I don’t think I could have asked for a better role, one that allows me to help create meaningful and collaborative research necessary to curb the illegal wildlife trade, share that research and translate it into impact for practitioners.
It hasn’t been an easy journey to get here for the programme nor myself, but sometimes, if you work hard enough and persevere, life rewards you by letting you continue chasing your passions and work with awesome females along the way, which is even more inspiring! I’ve learnt that even when things look gloomy, sometimes you just need to be open to unexpected opportunities and let the rest fall into place.
I didn’t know back then that I would become ‘a scientist’, but when I was only about eleven I was deeply influenced by a series of images of infant chimpanzees in makeshift cages destined for the pet trade. I had no clue at the time what I could do to help, but the commitment to do so has never left me. It’s taken me on a convoluted journey, sometimes working at the frontline, getting directly involved in chimpanzee and gorilla confiscations, while at other times living for months in communities whose livelihoods depend on hunting.
I’ve come to realise along the way how important it is to have a deep understanding of these complex issues, and the need to not only consider the bigger picture but also to understand it from the perspective of the individual. What motivates me every day are the individuals, both the great apes and the people I’ve met along the way. I’ve learnt that there are no easy solutions to complex problems and that the only way to change the world is through knowledge and appreciation of this complexity. I hope, through gaining this understanding, I’ll be in a better position to make a contribution to conservation on the ground.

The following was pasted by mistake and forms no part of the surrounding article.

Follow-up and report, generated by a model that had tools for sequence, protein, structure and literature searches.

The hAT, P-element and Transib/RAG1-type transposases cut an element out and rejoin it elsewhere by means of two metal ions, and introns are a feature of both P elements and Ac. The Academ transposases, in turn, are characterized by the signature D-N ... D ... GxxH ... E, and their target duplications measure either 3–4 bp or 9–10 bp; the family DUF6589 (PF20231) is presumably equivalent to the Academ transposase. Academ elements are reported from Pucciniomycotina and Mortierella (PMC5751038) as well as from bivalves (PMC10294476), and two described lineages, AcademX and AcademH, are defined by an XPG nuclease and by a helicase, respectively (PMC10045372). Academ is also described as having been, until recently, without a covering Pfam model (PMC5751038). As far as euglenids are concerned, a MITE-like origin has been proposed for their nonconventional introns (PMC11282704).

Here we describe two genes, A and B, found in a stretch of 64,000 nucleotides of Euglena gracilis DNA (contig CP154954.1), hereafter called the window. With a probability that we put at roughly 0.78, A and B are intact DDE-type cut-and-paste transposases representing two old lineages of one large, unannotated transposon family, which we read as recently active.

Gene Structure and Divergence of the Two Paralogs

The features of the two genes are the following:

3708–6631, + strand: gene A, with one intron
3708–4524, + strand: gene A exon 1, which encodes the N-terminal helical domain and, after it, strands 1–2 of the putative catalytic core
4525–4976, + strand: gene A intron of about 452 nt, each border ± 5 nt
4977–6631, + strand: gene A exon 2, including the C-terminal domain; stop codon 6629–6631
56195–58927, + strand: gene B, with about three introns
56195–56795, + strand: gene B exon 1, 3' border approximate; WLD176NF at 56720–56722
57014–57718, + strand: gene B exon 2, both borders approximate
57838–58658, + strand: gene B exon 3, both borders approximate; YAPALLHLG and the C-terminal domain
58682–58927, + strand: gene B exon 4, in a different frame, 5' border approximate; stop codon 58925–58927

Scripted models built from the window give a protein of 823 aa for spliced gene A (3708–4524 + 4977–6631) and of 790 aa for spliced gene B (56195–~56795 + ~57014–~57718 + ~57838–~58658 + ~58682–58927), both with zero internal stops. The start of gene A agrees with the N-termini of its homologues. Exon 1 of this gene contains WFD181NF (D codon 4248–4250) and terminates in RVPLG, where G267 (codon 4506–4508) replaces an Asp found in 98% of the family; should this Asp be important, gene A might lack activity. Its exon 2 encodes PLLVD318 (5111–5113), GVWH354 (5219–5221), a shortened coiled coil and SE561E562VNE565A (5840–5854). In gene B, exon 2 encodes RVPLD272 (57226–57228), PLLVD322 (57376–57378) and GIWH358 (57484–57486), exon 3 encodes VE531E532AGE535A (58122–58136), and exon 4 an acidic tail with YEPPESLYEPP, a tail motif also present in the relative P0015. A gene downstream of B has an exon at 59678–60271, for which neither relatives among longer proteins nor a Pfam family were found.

Knowledge Exchange Fellow
Growing up on the Australian coast, exploring rock pools and swimming in the ocean, inspired me from a very young age to pursue a career in science. I started my career as a marine ecologist, investigating the dynamics of rocky intertidal reef communities in Australia. Since then my research has evolved considerably, and I now work as a conservation scientist facilitating the improved use of scientific evidence in conservation management.
I am currently undertaking a three-year NERC Knowledge Exchange fellowship, working with businesses to help them measure, evaluate and report on biodiversity performance. I’m really passionate about working in the knowledge exchange space, and in the application of conservation science to achieve real impact. You can read a recent blog of mine about knowledge exchange and research impact here.
If I was to give one piece advice for any young girls thinking of taking up a career in science, it would be to go for it! If you’ve got the passion and determination for science, then don’t let anything or anyone hold you back.
Sofia Castelló y Tickell
As a child, I loved playing in the waves at the beach – when I didn't have my nose in a book. The first breath I took in the ocean almost a decade later, descending over colourful splotches of sponge and coral, surrounded by busy schools of fish, shifted my understanding of the world. I have spent the last seven years exploring underwater life and how people understand and choose to protect it.
My studies have taken on various forms, from the feeding patterns of urchins and sea stars in the Galapagos, to the relationship between clams and fishers in the Gulf of California, the conservation of European eels in the Thames, and how people are affected by enforcement of Marine Protected Areas.
I am always amazed by the chance to witness marine life in the field and learn from people who interact with it daily. I was helped along the way by many people at Brown University, the University of Oxford, the Zoological Society of London and beyond, who brought me on boats, gave me books and papers to read, encouraged me to write and make films about what I was learning, and helped guide my ideas to fruition.